Home » Alcoholism Recovery Blog » 5 Surprising Myths About Addiction

5 Surprising Myths About Addiction

Misconceptions about addiction have been in circulation for centuries. It wasn’t until recently that the medical and scientific communities became aware of how the brain impacts behavior, emotions, and addiction. In fact, the knowledge that addiction originates in complex brain and biological processes is a new development. As such, there are many common myths related to addiction, and these myths have prevented people fromgetting the help they need.Misconceptions have also made it harder for families to reach out for support.

myths about addiction

Also, the addict’s belief that they are meeting responsibilities plays into minimizing the illness. In fact, more often than not, people who have successfully completed addiction treatment relapse at some point.

Top 5 Myths About Addiction

So, the stress from moving away from everyone you know, getting a new job, or going to college can be enough to cause a person to return to bad habits. Addiction is a disease, and it is comparable to physical ailments like diabetes or heart disease. Studies have found that the relapse rates for drug addiction are almost identical to relapse rates for common physical problems, like hypertension and arthritis. Although addiction cannot be cured like many chronic illnesses, it can be successfully managed and treated with ongoing assistance from doctors and therapists. A person with a condition like diabetes will need to attend ongoing doctor’s appointments, and so will a person with an addiction. Relapse in drug addiction and with other chronic health conditions is a part of the journey to getting better and successfully managing health issues. Medical schools, professional societies, and federal funders of research should bolster their commitment to young investigators through increased grant support and a greater emphasis on mentoring.

myths about addiction

The lists used to send you product and service offers are developed and managed under our traditional standards designed to safeguard the security and privacy of all personal information provided by our users. You may at any time to notify us of your desire not to receive these offers. When the disease takes hold, these changes in the brain erode a person’s self-control and ability to make good decisions, while sending highly intense impulses to take drugs. These are the same circuits linked to survival, driving powerful urges no different from those driving the need to eat or drink water. Find treatment facilities and programs in the United States or U.S. For those who are vulnerable to addiction, substance use can alter brain function and, in a sense, hijack specific aspects of its function. Addictive substances flood the brain with pleasure-enhancing chemicals which, in turn, can erode self-control and the ability to make healthy decisions.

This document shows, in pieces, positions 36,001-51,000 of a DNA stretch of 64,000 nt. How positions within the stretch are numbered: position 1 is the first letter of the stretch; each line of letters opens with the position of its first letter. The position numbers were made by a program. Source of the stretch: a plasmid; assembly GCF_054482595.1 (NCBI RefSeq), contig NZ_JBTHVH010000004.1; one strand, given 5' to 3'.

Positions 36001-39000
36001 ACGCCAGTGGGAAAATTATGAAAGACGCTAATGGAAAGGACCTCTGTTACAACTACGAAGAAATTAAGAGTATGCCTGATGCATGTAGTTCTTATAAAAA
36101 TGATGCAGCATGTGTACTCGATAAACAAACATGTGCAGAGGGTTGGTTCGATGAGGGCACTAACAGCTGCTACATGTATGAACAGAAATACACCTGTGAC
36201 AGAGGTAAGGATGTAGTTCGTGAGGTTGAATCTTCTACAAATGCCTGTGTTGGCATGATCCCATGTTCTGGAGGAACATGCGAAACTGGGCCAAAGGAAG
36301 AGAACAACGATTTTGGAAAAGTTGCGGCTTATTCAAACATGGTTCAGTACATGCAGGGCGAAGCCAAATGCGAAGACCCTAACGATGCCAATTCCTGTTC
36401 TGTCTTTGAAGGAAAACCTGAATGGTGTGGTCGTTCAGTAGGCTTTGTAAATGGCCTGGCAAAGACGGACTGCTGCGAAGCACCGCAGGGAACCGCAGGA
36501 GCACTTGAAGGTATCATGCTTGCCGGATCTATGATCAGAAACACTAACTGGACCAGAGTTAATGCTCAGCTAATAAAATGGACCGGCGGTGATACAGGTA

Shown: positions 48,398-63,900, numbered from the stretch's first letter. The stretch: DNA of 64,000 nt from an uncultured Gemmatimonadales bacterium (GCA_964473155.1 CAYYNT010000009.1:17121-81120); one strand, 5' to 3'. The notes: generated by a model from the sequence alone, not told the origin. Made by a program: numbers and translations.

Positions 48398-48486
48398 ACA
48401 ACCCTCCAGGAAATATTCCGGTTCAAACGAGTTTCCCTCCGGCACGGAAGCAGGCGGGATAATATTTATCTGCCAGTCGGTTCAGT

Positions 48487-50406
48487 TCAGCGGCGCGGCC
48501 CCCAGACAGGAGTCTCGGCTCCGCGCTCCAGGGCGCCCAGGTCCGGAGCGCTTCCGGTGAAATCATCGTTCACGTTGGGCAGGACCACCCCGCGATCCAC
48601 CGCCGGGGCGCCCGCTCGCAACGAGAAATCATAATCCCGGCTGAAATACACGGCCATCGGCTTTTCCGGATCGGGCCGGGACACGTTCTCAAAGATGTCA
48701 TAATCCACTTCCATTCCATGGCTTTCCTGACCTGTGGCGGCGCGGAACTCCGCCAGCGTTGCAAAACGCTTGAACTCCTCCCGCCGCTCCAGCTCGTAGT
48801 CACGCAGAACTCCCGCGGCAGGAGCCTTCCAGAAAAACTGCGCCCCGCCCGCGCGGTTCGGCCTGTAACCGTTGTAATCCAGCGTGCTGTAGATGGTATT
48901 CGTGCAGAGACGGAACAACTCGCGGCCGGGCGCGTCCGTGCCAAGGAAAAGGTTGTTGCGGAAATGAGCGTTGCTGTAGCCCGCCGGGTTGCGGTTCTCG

Everyone responds to treatment very differently, even if it is the same substance being abused. A successful treatment should be tailored to the individual and their specific needs. Assures teens with parents who abuse alcohol or drugs that, “It’s not your fault!” and that they are not alone. Encourages teens to seek emotional support from other adults, school counselors, and youth support groups such as Alateen, and provides a resource list. Prescription medications such as sedatives, stimulants and painkillers are highly addictive and have many potential harmful effects. Never assume that, simply because your doctor has prescribed a medication, you can’t become addicted to it.

They physically can’t make it through the day without getting high. The high that the substances produce puts them in a constant cycle of looking for their next fix. If you’ve never seen the reality of drug addiction in a loved one, it’s easy to fall into the trap that addiction is a sign of immorality. People like to think they or those they care about are protected from falling into that kind of life because of being “good” people. Those in recovery are taught to fear relapse, and certainly, this is a legitimate fear. However, often shame is linked to relapse, which can be detrimental to someone’s recovery.

Myth #5: Relapse Is A Sign Of Failure

If you have no insurance or are underinsured, we will refer you to your state office, which is responsible for state-funded treatment programs. In addition, we can often refer you to facilities that charge on a sliding fee scale or accept Medicare or Medicaid. If you have health insurance, you are encouraged to contact your insurer for a list of participating health care providers and facilities. The reality is that, the longer you wait before you get help, the sicker you will be and the more in danger your life will be as well.

myths about addiction

By addressing these myths head-on, Safe Harbor Recovery Center in Portsmouth, Virginia would like to help ease the minds of people who are considering entering recovery. This is a surprising bit of information, and a myth to most people – drug users, including hard drug users, are not automatically addicted to their drugs. In this article, we’re taking a closer look at 7 of the most common myths about addiction. However, there are several serious misconceptions people still believe despite the latest research from mental health and therapy professionals. If you or someone you know is struggling with addiction, don’t let misconceptions prevent you from seeking help. Contact Pyramid Healthcare to get answers to your questions and learn about treatment options.

Myth #3

Unfortunately, this myth persists because, throughout prolonged substance abuse, people with addiction often make poor choices that can negatively affect the lives of those around them. The truth is that addicts act in ways that occur due to changes in the brain’s functioning.